Is There Too Much Month At The End Of Your Money?
“We have to sacrifice our spending habits more than anyone else...to catch up”, says Dr. Johnson. And he’s right. While this is not a piece with attempts to bash Black people (for I am one), it IS written to ruffle a few feathers and make some feel a little uncomfortable living in the world of lack and passing that on to our children’s children as if some cloak of honor. As a people, we tend to want what we see others have but we aren’t willing to do the work it takes to get it. At what point do WE start making sacrifices for ourselves, our children and theirs to come so that we too can experience generational wealth?
Wouldn’t you want your son or daughter to struggle less than you?
Some say, “Money isn’t everything”. I say, “It’s right up there with air...you need it to live”.
Until next time,
Ingrid M. Ellis
Primerica Financial Services
Regional Vice President - "The Incredibles"
Serving the community for more than 38 years!
Unless there is a dramatic turnaround we could very well be witnessing the end of Paterson Public Schools. It is obvious that the deliberate and illegal underfunding of the school district by the state is part of a much larger plan to dismantle our public schools altogether. Specifically, PPS faces a $45 MILLION deficit this year which could easily balloon beyond $180 MILLION by 2020. These figures are not the result of guesstimating. It is a fact that costs associated with operating the district will continue to rise. And with the consistent flat-funding, we can be certain that doomsday is near for PPS. I'm no modern day Nostradamus but I can see our schools entering a very dim and difficult season, far beyond anything we could ever imagine unless the Paterson community begins to pushback.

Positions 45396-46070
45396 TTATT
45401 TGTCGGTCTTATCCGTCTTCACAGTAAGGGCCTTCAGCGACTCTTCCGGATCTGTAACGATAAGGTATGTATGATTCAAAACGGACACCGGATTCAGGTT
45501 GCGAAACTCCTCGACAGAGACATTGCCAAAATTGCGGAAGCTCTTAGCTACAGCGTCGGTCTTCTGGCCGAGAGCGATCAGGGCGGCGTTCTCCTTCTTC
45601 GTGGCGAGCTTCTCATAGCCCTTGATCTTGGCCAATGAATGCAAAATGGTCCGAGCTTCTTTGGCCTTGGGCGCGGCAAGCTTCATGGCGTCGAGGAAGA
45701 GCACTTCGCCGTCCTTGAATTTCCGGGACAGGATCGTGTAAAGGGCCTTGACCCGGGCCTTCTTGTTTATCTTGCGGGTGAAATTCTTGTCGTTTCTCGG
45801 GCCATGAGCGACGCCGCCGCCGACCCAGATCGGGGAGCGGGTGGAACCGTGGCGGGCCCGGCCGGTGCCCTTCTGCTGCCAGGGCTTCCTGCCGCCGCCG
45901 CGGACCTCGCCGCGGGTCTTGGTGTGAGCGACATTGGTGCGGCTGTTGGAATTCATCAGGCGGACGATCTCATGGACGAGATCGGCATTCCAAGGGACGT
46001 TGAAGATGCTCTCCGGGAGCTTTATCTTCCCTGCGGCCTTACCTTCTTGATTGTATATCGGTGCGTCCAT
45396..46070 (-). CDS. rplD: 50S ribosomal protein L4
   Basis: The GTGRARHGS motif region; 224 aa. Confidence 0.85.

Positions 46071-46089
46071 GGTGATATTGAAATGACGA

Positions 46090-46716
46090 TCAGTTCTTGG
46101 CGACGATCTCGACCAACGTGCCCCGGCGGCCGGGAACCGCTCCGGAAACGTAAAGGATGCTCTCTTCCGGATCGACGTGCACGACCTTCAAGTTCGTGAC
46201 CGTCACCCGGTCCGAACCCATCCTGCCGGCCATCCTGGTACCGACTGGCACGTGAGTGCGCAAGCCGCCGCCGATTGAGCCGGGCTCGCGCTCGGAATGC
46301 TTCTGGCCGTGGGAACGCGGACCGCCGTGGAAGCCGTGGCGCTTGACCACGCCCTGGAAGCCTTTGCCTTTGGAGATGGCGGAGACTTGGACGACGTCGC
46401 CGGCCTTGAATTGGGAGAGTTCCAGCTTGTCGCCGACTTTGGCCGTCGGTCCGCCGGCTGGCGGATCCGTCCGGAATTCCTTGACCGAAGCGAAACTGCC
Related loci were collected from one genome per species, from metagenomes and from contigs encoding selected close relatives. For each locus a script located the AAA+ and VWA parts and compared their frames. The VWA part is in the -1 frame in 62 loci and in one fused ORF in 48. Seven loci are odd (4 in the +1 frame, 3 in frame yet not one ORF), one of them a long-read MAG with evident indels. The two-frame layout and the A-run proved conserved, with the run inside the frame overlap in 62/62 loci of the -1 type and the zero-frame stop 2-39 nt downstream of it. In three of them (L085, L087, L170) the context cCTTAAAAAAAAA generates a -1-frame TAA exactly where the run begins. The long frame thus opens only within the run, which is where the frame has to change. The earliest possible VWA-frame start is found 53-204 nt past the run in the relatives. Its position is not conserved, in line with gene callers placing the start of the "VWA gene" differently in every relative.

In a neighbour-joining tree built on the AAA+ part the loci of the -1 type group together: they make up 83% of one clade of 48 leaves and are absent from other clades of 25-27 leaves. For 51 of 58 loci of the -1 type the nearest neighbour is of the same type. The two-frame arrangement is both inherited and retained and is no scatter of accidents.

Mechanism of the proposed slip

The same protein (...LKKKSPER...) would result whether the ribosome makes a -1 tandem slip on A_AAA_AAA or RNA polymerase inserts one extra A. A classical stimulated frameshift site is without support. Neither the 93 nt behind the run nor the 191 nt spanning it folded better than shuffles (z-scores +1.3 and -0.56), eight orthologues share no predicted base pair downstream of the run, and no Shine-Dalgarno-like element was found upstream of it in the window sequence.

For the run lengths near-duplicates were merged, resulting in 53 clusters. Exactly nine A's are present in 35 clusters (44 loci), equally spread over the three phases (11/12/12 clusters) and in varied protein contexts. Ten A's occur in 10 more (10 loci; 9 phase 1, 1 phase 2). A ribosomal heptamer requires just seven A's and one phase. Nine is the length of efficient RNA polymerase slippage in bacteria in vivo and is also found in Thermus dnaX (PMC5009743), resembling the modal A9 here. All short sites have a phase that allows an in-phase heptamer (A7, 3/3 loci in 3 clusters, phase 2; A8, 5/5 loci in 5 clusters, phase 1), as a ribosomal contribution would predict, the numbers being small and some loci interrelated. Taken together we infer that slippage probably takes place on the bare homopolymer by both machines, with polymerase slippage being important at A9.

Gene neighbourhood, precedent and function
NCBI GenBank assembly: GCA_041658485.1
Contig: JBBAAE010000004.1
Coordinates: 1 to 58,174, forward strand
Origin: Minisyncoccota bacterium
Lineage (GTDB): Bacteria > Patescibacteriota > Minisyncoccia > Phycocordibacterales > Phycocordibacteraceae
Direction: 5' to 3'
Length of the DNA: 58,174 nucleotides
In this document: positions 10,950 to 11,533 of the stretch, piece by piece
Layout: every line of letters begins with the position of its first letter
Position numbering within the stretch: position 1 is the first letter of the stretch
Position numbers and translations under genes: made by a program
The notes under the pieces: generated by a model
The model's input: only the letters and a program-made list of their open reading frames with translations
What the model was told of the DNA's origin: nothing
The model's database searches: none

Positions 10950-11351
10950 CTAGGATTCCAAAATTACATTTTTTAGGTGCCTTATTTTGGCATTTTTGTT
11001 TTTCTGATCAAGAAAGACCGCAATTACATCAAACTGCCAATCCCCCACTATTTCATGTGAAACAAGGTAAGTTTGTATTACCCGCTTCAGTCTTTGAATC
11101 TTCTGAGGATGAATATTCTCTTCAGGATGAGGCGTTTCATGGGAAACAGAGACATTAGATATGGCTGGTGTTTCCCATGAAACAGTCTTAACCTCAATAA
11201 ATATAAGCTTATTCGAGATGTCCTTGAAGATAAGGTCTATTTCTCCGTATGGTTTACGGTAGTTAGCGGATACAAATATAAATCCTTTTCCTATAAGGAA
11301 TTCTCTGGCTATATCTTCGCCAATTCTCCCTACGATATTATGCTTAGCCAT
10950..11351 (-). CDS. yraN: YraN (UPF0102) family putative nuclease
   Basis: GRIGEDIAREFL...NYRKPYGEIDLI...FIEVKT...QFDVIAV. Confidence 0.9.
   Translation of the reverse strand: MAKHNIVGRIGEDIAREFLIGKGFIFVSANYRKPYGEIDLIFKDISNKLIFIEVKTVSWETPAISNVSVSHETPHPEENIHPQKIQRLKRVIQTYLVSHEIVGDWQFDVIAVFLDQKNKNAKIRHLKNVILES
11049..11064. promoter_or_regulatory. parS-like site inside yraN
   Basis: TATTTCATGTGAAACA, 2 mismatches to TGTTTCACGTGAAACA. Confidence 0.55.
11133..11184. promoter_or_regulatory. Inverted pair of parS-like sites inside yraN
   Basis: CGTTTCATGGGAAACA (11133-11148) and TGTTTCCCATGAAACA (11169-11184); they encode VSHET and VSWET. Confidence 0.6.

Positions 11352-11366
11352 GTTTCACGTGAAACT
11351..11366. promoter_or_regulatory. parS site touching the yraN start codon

Corey L. Teague
The maternal instinct may be connected to brain circuitry; a new study suggests. (Francesco Tonelli for The New York Times). The study indicates that a mother’s impulse to love and protect her child appears to be hard-wired into her brain. I guess my wires got crossed.
People say "once you give birth to a child it automatically ignites your maternal instincts. That was my hope when I gave birth to my beloved daughter. Sadly, I checked out and my maternal instincts were not ignited. I was so jealous of women that naturally fell into their roles as mothers. I envied the way they interacted with their children, and they stood as a constant reminder that I was abnormal.
Children are supposed to be a gift from God right? Well, I rejected my gift. It was tragic. It took years of therapy, self awareness, reflection, and forgiveness to understand why I had no maternal instincts. Despite my challenges, my daughter I managed to develop an awesome relationship. In retrospect she was the best thing that ever happened to me. I am grateful that I was chosen to be the mother of such an amazing human being that inspires me to want and do more.